Bow Window Prices | Find Costs & Installation Pricing


Bow Window Prices

Bow window prices encompass a broad price range, but the average price is $1,500 to $3,500 installed. Complex custom projects that involve 6 or 8 bow windows will go well north of this price range. Some of the bigger factors affecting bow window prices include the number of windows involved, the material and dimensions of the frames, the glass package used, the window manufacturer and the overall level of complexity of the installation.

Have questions about your bow window project? Our site editor, Will is more than happy to answer your specific project questions. Please include your email address to allow him to get back to you. (Please note: we never sell or use your email in any way besides contacting you back.)

Click to read our bow window Q & A.

Entry Bow Window Prices

Low end pricing will be a vinyl or composite frame using three windows, along with a no frills low-e glass package. The installation will be straightforward and should be able to be installed by three people in 5 to 6 hours. Read more on bow windows price information

Price Range: $1,500 to $2,500 installed

Standard Bow Window Prices

Standard pricing is for a high end vinyl or mid grade fiberglass or aluminum. At this price point, homeowners should be getting a good thorough install - perhaps not with all the bells and whistles, but certainly a one that will hold up over time.

Price Range: $2,500 to $3,500 installed

Premium Bow Window Prices

Premium pricing can be complex and may involve a series of 5 or more windows. The installation should be very thorough and include a bottom sill pan, aluminum flashing, capping or trim work to the exterior (along with the standard installation steps).

Price Range: $3,500 to $6,000 installed

Bow Window Prices On Installation

Bow window prices on installation will typically fall into the $700 to $1000 range, although projects could be priced out as low as $500 or as high as $2000, depending on the specifics of the install. Find out more on Anderson windows prices.

Frame Material

Frame material is one of the most important factors that affects bow window prices. Vinyl tends to be on the low end, composites, aluminum and fiberglass in the middle and wood at the top of the price range. Cladding such as vinyl or fiberglass on the exterior and wood on the interior is also at the high end and is a great way to go because it provides protection outside and beauty inside.


There are many companies that produce this style of window. Some of the most popular include Andersen, Soft-Lite Gorell, Marvin and Pella. Andersen and Pella tend to be some of the most expensive, while Soft-Lite makes a heavy duty exterior vinyl frame with a wood interior that is more in the middle range of prices.

Pella Bow Windows

Hi! Have a beautiful Pella Bow in kitchen since the late 90's. Above is a metal cap on the exterior. A few years ago the middle stationary window showed signs of water and eventual blackening and rot on the inside bottom wood frame. I called Pella who told me that it would cost $175. Just to look at it. At the time the local rep was in Hauppauge, NY here on Long Island. They were not very nice on the phone and I continued to live with it. In June it began to leak from above and had to put two bowls down to collect water.

Allstate insurance came in and determined that the leak was an old one and not covered under our policy. Lowes who handles Pella gave us an estimate of almost $7000. Complete. Now Pella sends us a letter w/voucher for up to 45% off qualifying installations. My husband called Pella and they set up an estimate with the guy in Hicksville who I avoided and had called Lowes instead. He has frightening reviews and is supposedly near going out of business.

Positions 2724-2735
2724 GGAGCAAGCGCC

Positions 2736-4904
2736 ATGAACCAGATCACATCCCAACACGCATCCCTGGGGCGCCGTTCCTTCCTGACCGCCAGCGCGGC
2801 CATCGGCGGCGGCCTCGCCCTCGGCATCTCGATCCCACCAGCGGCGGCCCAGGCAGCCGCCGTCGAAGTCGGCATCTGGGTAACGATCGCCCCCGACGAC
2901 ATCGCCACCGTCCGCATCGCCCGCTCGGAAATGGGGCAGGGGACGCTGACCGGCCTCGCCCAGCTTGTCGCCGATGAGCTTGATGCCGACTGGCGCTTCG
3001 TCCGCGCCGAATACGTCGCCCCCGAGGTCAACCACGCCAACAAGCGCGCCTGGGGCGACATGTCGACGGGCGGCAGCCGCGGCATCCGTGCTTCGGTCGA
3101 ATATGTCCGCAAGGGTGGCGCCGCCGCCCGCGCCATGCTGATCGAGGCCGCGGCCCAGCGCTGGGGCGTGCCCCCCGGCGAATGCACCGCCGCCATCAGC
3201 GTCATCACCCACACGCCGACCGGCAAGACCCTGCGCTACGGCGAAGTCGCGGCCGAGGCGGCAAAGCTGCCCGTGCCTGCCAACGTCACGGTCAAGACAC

What do we do from here to replace this gorgeous window with cabinets below, topped w/granite that is custom fitted? Can I buy the window myself and then pray I find an excellent contractor to install? Or give it over to a contractor to purchase and install? I found that a leak can develop after a few years and manufacturer blames installer and vice versa. Now we have the problem and the burden. The entire house has pella windows installed at the same time and are without problems. This bow window has lighting above, southern exposure in my kitchen, and blinds. It is my favorite window and trim matches all of the cabinetry. Thank you.

Lorraine - Homeowner - from 2019

[Site Editor's Answer]

Lorraine, that does not sound like a great situation. Ok, so here is what I'm thinking: get the bid from the Pella rep and see what it comes in at. Get a few more bids from good vinyl window manufacturers who sell windows with an interior wood laminate. Buying your own bow window can be tricky because it will likely have to be custom made for the size of the opening. Most companies take the measurements and then buy a custom bow box that fits the opening and then inserts their own windows in on site.

The real cost will probably be in removing the old bow window and completely reframing the opening. You could find a local carpenter on craigslist or yelp who can do that work for you. Obviously one with a stellar reputation and one who doesn't cut corners.

I've found Yelp is a good source to find good local installers who don't have an affiliation with any brands and will do the work ala carte as it is.

I'd get bids from local window companies who sell Sunrise, Okna, Soft-Lite, Polaris, Kensington, Vytex, and Zen. If those don't work out you can try Simonton, Ply Gem, Vinylmax, and Wincore. Google "Simonton windows in Cleveland, Ohio" (if you don't live in Cleveland, use your specific city and state) and see what local companies come up.

Good luck and let me know how it goes!

Nick - Site Editor - from 2019

Bow Windows Question

Hello Tim,

We have a very large (~138? x ~62?) 6 section bow window that needs replacing. We live outside of Philadelphia. The window is original to the house built in 1981. It is basically 4 lights of double glass, with 1-1/4? wood stiles in between each pane with casements on each end. Two of the sections have failed seals and it is getting iced up with this cold weather.